Online lending platforms face year of transition

Tough market conditions and new regulations are posing challenges in Asia, but private debt firms can help online platform lenders to diversify funding sources.

However, unlike selling goods through cyberspace, making a loan online is more complicated because it is not the end of a transaction but the beginning. The typical operating income of a marketplace lending model includes fees earned when facilitating or originating loans. Once the loan has been made, either through balance sheet capital or crowdfunded capital, lenders then monitor the loan performance.

New capital inflow is essential for marketplace lenders to continue to scale up their businesses. Banks and private debt fund managers are among the institutions that have backed some of these marketplace lenders, either through their closed-end funds or direct investments.

In May of last year, CLSA Capital Partners invested $35 million of debt and equity in PeopleFund, a Seoul-based peer-to-peer lender, via its Lending Ark Asia Secured Private Debt Fund. The Lending Ark fund is a secured private credit strategy managed by the Hong Kong-headquartered investment firm. It was launched in November 2017, targeting $750 million in fundraising, Private Debt Investor data show.

Carol Lee Park, a Hong Kong-based managing director of Lending Ark, said in a statement in June 2019: “As a debt investor and an equity shareholder, Lending Ark is looking forward to working with PeopleFund as a strategic partner to help the company achieve long-term growth and success.” She joined the board of PeopleFund once Lending Ark had taken a minority equity stake in the firm.

Lending Ark’s vehicle previously provided equity funding of $11 million for PeopleFund’s Series B round, which was announced in October 2018. With the capital extension, total equity raised as of June 2019 was $21 million.

Another example is CreditEase. As PDI reported in 2018, the Beijing-headquartered fintech conglomerate had been acting as a debt provider to smaller marketplace lenders.

Going direct

Among the institutions that have established direct working relationships, Singapore’s DBS Bank has partnered with online lending platform companies since 2016.

Two of these companies are specialists in short-term financing for small and medium-sized enterprises. MoolahSense, a Singapore-based peer-to-peer lending platform, offers secured and unsecured business loans, and invoice financing.

Funding Societies, one of the largest marketplace lenders for South East Asia, is crowdfunded by institutions and individual investors. It holds a Capital Markets Services Licence issued by the Monetary Authority of Singapore, which means its business activities relating to dealing with securities are regulated. As part of the partnership, DBS Bank introduces smaller businesses to the marketplace lenders, while the lenders refer eligible borrowers to the bank for larger commercial loans.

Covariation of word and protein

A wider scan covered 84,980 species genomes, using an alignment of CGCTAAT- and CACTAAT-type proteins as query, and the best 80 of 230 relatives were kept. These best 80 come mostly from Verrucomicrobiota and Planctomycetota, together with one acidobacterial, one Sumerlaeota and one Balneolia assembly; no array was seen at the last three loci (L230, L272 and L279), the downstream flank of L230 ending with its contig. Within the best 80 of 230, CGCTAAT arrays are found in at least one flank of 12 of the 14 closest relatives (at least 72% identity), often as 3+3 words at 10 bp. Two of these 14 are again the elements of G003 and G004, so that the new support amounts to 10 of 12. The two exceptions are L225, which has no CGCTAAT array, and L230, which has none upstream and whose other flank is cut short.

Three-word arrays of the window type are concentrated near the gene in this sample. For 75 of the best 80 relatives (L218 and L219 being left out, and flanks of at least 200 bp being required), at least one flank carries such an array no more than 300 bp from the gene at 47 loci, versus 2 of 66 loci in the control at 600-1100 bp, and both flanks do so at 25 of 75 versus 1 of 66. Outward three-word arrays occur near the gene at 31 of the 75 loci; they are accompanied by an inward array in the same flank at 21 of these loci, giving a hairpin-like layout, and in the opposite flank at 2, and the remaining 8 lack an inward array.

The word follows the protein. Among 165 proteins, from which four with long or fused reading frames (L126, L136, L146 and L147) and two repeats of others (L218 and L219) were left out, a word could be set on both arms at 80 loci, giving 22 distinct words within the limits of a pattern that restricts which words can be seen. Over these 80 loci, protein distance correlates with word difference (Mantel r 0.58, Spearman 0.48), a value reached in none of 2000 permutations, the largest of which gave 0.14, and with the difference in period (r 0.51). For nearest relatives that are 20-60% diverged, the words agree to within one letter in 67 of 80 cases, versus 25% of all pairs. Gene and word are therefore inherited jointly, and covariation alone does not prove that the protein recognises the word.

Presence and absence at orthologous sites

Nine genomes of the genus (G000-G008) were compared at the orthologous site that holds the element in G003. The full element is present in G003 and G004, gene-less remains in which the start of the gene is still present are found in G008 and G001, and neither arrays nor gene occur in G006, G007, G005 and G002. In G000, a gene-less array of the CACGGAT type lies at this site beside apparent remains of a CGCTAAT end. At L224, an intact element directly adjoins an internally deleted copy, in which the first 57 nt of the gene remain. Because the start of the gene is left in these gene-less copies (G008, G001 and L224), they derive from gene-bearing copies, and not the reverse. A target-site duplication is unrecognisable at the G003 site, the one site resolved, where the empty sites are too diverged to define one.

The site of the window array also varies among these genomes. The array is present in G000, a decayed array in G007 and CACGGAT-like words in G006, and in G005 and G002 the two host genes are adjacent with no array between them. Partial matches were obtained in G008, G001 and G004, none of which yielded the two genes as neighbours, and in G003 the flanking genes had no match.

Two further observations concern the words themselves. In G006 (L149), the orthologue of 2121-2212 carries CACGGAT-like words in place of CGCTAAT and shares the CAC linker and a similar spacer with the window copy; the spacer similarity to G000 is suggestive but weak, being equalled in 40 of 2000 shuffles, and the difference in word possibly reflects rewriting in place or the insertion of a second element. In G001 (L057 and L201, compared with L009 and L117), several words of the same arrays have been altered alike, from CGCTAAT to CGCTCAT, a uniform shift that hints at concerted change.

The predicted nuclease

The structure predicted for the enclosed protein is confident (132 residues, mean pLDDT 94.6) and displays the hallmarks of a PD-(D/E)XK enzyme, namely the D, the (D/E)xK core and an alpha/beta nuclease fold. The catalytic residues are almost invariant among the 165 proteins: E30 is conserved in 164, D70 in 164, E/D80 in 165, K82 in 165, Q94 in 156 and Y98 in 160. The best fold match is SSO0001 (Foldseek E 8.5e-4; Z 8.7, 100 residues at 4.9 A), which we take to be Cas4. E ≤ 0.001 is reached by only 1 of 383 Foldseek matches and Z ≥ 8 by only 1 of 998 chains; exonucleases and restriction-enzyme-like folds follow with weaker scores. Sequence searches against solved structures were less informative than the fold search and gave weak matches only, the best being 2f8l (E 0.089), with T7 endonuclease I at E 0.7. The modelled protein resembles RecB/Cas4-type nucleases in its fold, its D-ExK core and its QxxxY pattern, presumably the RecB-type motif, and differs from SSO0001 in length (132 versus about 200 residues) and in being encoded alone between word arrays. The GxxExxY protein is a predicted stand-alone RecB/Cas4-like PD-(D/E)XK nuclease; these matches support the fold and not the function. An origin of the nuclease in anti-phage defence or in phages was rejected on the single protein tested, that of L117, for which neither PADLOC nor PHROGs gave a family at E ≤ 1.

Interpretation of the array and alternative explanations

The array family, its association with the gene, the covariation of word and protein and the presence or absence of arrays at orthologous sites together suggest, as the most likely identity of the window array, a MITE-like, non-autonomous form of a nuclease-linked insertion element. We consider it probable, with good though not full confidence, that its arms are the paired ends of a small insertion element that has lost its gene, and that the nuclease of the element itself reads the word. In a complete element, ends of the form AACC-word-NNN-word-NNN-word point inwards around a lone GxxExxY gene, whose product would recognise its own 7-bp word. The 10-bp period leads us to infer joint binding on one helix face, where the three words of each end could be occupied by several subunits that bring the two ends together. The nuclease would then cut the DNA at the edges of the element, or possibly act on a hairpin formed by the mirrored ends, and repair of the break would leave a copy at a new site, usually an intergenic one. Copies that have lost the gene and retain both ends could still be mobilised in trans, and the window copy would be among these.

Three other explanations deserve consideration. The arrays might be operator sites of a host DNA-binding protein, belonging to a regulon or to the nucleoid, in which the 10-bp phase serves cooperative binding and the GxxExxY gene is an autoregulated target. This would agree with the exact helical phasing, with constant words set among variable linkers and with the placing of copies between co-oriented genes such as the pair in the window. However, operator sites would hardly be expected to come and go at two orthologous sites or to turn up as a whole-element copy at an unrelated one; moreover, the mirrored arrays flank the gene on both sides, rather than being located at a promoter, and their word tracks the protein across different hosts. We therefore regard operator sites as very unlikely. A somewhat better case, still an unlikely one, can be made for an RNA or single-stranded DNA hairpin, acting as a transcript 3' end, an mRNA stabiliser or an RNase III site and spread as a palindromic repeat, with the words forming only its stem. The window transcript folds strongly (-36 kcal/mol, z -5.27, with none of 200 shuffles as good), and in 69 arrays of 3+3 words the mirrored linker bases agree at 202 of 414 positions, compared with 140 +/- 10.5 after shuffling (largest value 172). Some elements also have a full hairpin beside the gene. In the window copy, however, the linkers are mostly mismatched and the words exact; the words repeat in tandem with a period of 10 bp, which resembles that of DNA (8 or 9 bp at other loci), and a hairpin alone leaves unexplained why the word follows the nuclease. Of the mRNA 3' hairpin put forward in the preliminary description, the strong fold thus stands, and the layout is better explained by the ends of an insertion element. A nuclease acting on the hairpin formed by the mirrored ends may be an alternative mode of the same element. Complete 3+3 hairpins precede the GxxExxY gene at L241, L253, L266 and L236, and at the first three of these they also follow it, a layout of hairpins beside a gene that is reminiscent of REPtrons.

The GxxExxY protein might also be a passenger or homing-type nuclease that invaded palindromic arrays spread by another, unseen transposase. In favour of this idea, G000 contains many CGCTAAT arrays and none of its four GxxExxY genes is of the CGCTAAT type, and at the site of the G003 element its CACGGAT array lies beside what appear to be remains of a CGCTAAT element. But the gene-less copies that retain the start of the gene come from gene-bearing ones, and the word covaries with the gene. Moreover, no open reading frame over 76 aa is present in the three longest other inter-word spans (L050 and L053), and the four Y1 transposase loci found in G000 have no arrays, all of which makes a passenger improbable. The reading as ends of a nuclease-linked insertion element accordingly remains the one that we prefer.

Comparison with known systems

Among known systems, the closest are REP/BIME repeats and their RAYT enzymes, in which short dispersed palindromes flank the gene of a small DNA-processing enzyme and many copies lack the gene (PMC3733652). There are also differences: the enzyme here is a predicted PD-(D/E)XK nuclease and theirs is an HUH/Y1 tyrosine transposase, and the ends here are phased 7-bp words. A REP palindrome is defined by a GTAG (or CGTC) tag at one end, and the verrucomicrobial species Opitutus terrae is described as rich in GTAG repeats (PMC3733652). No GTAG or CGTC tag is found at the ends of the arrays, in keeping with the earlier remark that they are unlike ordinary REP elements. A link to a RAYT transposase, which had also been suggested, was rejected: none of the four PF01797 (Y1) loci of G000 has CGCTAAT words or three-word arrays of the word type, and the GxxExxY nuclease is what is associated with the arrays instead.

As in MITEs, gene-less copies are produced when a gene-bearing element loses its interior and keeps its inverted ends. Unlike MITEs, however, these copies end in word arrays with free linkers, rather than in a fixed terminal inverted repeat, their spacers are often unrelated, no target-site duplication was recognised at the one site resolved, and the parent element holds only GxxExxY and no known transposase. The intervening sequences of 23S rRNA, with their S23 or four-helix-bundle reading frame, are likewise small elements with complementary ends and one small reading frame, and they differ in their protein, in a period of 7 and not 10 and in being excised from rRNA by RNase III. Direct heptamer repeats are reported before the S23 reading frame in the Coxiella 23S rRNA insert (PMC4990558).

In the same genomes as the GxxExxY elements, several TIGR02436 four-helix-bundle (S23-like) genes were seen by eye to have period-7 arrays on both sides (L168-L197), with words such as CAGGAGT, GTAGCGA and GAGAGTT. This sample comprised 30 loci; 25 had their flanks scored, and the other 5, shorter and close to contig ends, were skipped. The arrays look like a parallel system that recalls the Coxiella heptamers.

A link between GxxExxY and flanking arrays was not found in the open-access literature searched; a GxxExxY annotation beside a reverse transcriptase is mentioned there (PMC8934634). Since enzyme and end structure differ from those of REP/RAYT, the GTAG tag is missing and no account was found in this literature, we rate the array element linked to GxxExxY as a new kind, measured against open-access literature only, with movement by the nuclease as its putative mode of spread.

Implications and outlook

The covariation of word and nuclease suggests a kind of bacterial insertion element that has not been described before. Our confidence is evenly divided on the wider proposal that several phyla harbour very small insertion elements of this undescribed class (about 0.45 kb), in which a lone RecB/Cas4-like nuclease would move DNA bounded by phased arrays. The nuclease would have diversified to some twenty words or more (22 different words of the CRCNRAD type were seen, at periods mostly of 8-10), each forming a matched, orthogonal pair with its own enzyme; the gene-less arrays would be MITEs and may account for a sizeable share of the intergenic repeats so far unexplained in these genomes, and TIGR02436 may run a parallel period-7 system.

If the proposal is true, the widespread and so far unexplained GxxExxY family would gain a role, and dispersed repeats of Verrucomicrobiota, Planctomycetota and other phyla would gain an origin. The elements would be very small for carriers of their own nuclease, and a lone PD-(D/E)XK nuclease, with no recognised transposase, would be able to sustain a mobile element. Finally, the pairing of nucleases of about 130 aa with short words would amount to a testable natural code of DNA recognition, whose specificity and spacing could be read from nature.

Among other banking groups, Goldman Sachs previously committed 324 million yuan ($45.8 million; €40.6 million) to Yiren Digital in the form of a three-year funding facility, as per a statement by the platform lender on 18 June 2018.

A closer look at Yiren Digital is helpful to better understand the headwinds that online marketplaces are facing this year. The CreditEase subsidiary, formerly known as Yirendai, has been affected by the covid-19 outbreak across China. Ning Tang, Yiren Digital’s executive chairman and chief executive officer, speaking on the latest earnings call on 26 March, said it had loosened its repayment terms to support borrowers in some of the parts of the country affected by the pandemic.

The firm’s allowance for contract assets – an indicator of its credit loss assumptions – has increased to 588 million yuan, or 7.4 percent of loan volume from the previous quarter’s 345 million yuan or 3.3 percent of loan volume.

Its total loan volume recorded was 8 billion yuan, around 16.5 percent of which came from repeat customers. Elsewhere, the firm secured 40 billion yuan through a line of credit and held 3.6 billion yuan in usable cash as of 31 December 2019.

In April, PeopleFund disclosed that it had run stress tests on its portfolios of unsecured personal loans and mortgage-backed loans. The firm said it had revamped its risk monitoring and loan underwriting practices since March.

Regulators have taken notice. As their overarching principle is to protect investors, some of them have strengthened monitoring systems for the marketplace lending platforms in their countries.

In Singapore, peer-to-peer lending, or fundraising from the public through lending-based crowdfunding, is regulated by the Monetary Authority of Singapore under the Securities and Futures Act and the Financial Advisers Act.

In China, peer-to-peer lending platforms have to submit credit information on all their borrowers to the country’s major credit bureaus, as per a notice issued on 2 September 2019.

In South Korea, the P2P Finance Business Act will come into effect from 27 August. P2P lenders are currently classified as a type of non-bank lenders. Under the new law, P2P businesses will have to register with the Financial Services Commission and meet various requirements. The legislation also covers the scope of platform lending businesses, places restrictions on the types of products they can market, and limits the fees they can charge each loan they facilitate.

Online marketplace lenders are likely to need more licences and capital to sustain and reinvent their businesses as the industry faces the headwinds of new regulations and the uncertainty arising from covid’s impact on businesses and households.